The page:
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DOJ defends citizens' right to record police

The Justice Department is urging a court to affirm individuals’ rights to record police under the First Amendment, filing a statement of interest in support of a journalist suing over his arrest while photographing Maryland officers.
Oklahoman Published: March 8, 2013
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The Justice Department is urging a court to affirm individuals’ rights to record police under the First Amendment, filing a statement of interest in support of a journalist suing over his arrest while photographing Maryland officers.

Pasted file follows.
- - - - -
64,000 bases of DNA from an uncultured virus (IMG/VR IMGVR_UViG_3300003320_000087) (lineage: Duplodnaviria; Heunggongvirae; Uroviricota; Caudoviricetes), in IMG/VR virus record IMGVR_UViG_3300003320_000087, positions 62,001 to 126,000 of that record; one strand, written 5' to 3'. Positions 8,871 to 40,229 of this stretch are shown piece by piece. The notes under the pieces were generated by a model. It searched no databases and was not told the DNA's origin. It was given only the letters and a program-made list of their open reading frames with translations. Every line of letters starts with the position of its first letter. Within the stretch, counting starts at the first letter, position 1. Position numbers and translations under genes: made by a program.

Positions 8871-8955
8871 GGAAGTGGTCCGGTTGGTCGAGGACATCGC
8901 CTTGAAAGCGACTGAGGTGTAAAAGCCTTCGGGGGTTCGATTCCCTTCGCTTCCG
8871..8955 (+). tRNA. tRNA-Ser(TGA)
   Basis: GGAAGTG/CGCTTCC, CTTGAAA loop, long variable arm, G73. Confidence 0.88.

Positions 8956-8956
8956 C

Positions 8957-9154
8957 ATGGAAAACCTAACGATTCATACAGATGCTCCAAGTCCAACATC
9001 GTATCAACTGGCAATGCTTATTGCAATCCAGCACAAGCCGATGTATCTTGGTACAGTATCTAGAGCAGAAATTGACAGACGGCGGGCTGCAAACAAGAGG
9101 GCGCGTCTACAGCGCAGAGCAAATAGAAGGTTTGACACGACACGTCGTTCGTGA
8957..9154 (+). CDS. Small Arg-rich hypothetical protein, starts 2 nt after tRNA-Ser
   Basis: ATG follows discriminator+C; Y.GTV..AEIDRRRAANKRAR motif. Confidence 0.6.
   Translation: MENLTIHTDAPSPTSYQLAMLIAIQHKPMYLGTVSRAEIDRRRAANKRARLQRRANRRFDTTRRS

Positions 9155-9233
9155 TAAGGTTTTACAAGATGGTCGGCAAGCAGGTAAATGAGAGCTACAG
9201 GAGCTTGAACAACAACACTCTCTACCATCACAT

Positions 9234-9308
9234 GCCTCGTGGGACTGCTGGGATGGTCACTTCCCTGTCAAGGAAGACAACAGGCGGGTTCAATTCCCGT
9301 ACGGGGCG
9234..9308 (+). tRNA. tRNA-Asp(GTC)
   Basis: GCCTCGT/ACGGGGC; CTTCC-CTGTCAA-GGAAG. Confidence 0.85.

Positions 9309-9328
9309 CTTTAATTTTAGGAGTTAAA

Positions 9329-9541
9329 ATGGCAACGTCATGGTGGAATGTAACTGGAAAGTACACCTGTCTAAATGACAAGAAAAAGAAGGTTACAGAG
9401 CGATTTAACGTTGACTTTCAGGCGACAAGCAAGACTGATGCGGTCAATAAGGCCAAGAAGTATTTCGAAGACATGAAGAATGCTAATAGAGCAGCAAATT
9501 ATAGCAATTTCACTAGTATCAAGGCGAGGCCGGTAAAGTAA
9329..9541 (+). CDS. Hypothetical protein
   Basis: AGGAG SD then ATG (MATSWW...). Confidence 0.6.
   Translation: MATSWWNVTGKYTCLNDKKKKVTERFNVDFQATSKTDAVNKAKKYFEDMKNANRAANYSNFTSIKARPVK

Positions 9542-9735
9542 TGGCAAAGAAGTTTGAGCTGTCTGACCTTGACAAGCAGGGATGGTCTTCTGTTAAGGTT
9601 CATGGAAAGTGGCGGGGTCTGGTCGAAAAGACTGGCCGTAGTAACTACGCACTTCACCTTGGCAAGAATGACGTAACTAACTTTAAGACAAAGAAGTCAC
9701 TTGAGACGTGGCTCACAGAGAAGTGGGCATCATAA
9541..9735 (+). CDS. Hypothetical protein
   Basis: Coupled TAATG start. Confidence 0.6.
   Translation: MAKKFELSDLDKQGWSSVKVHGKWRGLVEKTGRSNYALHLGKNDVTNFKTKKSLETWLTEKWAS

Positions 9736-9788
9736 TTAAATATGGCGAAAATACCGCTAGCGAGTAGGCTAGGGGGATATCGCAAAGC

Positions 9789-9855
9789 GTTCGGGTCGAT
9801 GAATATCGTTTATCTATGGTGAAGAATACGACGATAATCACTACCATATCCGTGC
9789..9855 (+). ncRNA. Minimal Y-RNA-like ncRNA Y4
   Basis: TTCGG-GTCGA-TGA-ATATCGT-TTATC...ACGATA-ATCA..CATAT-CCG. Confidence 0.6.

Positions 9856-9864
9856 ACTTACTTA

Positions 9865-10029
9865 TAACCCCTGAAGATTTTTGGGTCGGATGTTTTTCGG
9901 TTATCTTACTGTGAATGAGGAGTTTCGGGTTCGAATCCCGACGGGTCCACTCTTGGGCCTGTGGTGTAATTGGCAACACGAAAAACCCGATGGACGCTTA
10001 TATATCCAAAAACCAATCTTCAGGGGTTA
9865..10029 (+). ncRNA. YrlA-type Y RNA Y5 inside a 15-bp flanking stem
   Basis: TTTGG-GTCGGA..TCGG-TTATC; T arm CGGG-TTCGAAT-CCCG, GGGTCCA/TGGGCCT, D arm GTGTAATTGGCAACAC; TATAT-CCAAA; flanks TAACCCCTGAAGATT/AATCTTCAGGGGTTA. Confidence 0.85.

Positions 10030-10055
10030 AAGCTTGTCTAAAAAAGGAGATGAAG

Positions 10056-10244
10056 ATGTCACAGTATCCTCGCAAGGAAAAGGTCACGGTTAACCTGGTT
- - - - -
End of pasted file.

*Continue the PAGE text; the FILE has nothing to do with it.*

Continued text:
In the statement filed this week in a federal court in Maryland, the Justice Department argues that not only do individuals have a First Amendment right to record officers publicly doing their duties, they also have Fourth and 14th Amendment rights protecting them from having those recordings seized without a warrant or due process. The DOJ urges the court to uphold these rights and to reject a motion to dismiss from Montgomery Co. in Garcia v. Montgomery Co., a case that has implications for an increasing crop of litigation on the subject in the era of ubiquitous smartphones.

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